At The Natural Step Germany, we apply the Future-Fit Business Benchmark to a wide range of organisations. We help them understand the strengths and weaknesses of their current business models in consideration of the global challenges. They learn how to apply our sustainability principles to achieve a sustainable competitive advantage and measurable business benefits.

Creating business benefits out of our sustainability principles

Global Challenges
Classical economics has not considered the fact that resources are finite. As a result, we are now facing a wide range of global environmental and socio-economic challenges. We have to address these issues on the way to a sustainable future.
Sustainability Principles
Our science-based principles – three of them focusing on an ecologically sustainable society, the fourth one explaining how we can become a socially sustainable society – tell us how we must operate to become truly sustainable.
FF Business Principles
Organisations have a vital role to play when it comes to developing towards sustainability. The business principles translate the global sustainability principles into business language in order to guide the creation of real value for all stakeholders.
Future-Fit Goals
These goals are based on the various principles explained above and are in fact a concise translation for the business world. They are expressed in single sentences and easy to understand. Altogether, they define the social and environmental break-even point that an organisation or business must reach to become part of the solution instead of the problem.
Future-Fit Indicators
KFIs aim to help any company assess the gap between where it is now and where it needs to be. Depending on the goal, one or two KFIs seek to measure the future-fitness of a company’s goods and services. Other KFIs assess the future-fitness of its own operations and the operations of its suppliers for which the company is mutually accountable. A future-fit scorecard briefly summarises commitments and progress towards meeting the future-fit goals.
Business Benefits
Every organisation or business is part of the economy, society as a whole and the environment. It operates in or near local communities, it sells products and services to customers. Company relations rely on individuals, i.e. employees and physical resources, which are often sourced from suppliers. How a company is run both depends upon and affects society as a whole. Consequently, to stop degradation, benefits to the business should go beyond protecting the social and environmental systems it depends upon.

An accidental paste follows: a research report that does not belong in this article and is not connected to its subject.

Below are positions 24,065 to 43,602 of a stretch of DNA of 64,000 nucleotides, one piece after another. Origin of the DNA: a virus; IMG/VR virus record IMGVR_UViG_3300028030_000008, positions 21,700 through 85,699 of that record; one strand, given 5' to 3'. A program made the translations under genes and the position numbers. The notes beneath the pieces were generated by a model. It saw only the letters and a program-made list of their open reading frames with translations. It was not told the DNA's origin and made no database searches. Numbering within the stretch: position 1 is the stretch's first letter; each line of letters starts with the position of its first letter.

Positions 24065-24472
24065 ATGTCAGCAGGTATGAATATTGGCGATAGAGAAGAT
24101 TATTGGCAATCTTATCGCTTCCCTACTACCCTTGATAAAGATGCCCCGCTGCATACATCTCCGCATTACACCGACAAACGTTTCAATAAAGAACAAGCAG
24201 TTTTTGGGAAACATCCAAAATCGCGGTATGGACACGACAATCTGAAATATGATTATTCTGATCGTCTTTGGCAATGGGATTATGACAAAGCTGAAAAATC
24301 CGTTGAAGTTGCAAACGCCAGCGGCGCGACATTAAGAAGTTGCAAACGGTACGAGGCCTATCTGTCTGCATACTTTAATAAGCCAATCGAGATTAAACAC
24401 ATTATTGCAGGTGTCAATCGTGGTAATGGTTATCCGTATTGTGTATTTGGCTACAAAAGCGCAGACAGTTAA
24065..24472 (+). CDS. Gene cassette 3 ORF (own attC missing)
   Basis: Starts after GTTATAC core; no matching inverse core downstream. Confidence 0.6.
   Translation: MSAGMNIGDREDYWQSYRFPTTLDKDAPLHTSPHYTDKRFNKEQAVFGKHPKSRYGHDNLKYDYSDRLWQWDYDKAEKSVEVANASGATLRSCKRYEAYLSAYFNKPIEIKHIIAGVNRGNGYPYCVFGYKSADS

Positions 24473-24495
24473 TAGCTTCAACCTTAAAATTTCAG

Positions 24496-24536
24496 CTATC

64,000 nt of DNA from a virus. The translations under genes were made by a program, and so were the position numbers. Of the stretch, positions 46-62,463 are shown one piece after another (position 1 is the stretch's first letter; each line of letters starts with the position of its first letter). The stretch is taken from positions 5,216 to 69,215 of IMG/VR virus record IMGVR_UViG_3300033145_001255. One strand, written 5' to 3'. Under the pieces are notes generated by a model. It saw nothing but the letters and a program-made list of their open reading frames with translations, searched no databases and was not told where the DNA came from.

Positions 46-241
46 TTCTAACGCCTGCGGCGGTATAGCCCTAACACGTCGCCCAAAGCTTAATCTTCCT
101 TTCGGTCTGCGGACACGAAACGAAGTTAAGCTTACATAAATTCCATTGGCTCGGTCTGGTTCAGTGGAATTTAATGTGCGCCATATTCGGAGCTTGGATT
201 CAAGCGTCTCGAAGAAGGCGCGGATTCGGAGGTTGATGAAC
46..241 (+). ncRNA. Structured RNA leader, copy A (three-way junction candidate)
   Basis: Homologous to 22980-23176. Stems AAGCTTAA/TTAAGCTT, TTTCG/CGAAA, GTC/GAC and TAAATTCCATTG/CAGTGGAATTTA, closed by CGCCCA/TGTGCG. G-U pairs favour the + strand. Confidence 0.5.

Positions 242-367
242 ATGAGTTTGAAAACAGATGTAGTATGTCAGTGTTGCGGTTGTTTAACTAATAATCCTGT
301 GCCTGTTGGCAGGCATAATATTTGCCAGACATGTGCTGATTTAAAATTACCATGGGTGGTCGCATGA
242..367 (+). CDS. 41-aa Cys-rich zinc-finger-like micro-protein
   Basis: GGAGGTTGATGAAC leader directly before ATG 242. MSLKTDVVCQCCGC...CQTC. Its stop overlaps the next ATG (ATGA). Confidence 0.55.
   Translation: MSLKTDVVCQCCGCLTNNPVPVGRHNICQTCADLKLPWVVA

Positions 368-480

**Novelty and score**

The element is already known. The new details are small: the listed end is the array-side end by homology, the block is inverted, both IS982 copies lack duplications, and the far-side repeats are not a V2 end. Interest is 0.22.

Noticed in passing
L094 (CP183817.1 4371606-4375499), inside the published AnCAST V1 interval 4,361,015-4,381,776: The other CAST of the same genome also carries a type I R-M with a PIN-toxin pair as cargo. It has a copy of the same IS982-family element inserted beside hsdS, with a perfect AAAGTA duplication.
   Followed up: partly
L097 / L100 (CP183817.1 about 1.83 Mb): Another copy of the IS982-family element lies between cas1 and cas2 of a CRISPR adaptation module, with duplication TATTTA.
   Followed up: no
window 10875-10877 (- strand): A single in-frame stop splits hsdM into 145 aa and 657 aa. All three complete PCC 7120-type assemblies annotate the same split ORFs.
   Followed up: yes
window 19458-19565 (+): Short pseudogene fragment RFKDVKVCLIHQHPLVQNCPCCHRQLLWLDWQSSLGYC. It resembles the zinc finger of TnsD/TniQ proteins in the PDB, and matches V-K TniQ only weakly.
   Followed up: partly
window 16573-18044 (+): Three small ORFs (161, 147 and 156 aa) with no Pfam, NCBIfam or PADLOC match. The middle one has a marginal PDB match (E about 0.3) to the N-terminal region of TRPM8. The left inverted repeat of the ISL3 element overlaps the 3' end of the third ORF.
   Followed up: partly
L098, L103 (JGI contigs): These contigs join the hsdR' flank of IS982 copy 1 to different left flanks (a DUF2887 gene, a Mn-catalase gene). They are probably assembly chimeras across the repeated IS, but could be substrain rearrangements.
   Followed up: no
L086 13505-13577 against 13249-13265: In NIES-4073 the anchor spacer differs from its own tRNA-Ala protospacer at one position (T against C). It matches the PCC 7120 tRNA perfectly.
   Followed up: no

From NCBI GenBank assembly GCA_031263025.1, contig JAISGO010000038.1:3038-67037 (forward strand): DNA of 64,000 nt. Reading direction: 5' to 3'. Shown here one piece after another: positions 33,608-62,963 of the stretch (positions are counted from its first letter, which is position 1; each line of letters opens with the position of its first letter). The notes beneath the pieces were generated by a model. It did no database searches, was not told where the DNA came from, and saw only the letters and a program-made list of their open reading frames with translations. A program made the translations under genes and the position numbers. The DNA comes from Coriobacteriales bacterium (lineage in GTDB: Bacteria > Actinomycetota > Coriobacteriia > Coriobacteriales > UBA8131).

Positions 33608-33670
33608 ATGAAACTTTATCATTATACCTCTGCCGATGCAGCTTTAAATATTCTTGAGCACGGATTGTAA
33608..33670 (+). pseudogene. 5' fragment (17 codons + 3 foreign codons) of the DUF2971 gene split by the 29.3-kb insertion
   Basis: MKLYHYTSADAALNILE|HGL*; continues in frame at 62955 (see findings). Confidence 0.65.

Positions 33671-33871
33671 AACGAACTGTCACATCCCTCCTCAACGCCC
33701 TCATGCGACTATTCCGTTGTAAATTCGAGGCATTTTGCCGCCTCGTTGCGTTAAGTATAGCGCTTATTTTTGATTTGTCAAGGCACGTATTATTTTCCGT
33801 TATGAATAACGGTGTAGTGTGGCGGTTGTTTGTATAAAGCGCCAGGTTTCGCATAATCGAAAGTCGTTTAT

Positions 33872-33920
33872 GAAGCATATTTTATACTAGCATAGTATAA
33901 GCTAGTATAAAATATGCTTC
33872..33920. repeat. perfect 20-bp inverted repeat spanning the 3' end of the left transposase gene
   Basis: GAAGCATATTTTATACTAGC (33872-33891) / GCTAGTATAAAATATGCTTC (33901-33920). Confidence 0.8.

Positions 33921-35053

Business reality and responsibility

Taking our sustainability principles into account and having understood what they have to do differently to make companies sustainable, business leaders quickly recognise that they are not only responsible and accountable for their internal operations. They are part of a value chain, including core and ancillary suppliers, sales partners and consumers. And they collaborate with a broad range of stakeholders.

At The Natural Step Germany, we help organisations and businesses to actively address the challenges and problems of their value chain partners, e.g. service and distribution partners, wholesalers and retailers, and customers. We help business leaders to secure the support of potential and existing investors. This is not easy, because they have to make them understand why a radical change to a systemic view is in their interests.

Our current initiatives and offerings focus on how to best encourage and enable business leaders to take bold action. Thus we equip them with the means to:

  1. identify the nature and scale of the gaps between their current and required levels of performance.
  2. prioritise actions to close those gaps effectively and efficiently.
  3. communicate both their long-term commitments and their short-term progress to investors and other stakeholders in a concise, credible and comparable way.

From a systems perspective, we include stakeholders, society as a whole and the environment. Having done this, we use our sustainability principles for backcasting, the opposite of forecasting, in order to enable organisations to achieve real change towards sustainability.

Ready for more on how to apply our sustainability principles?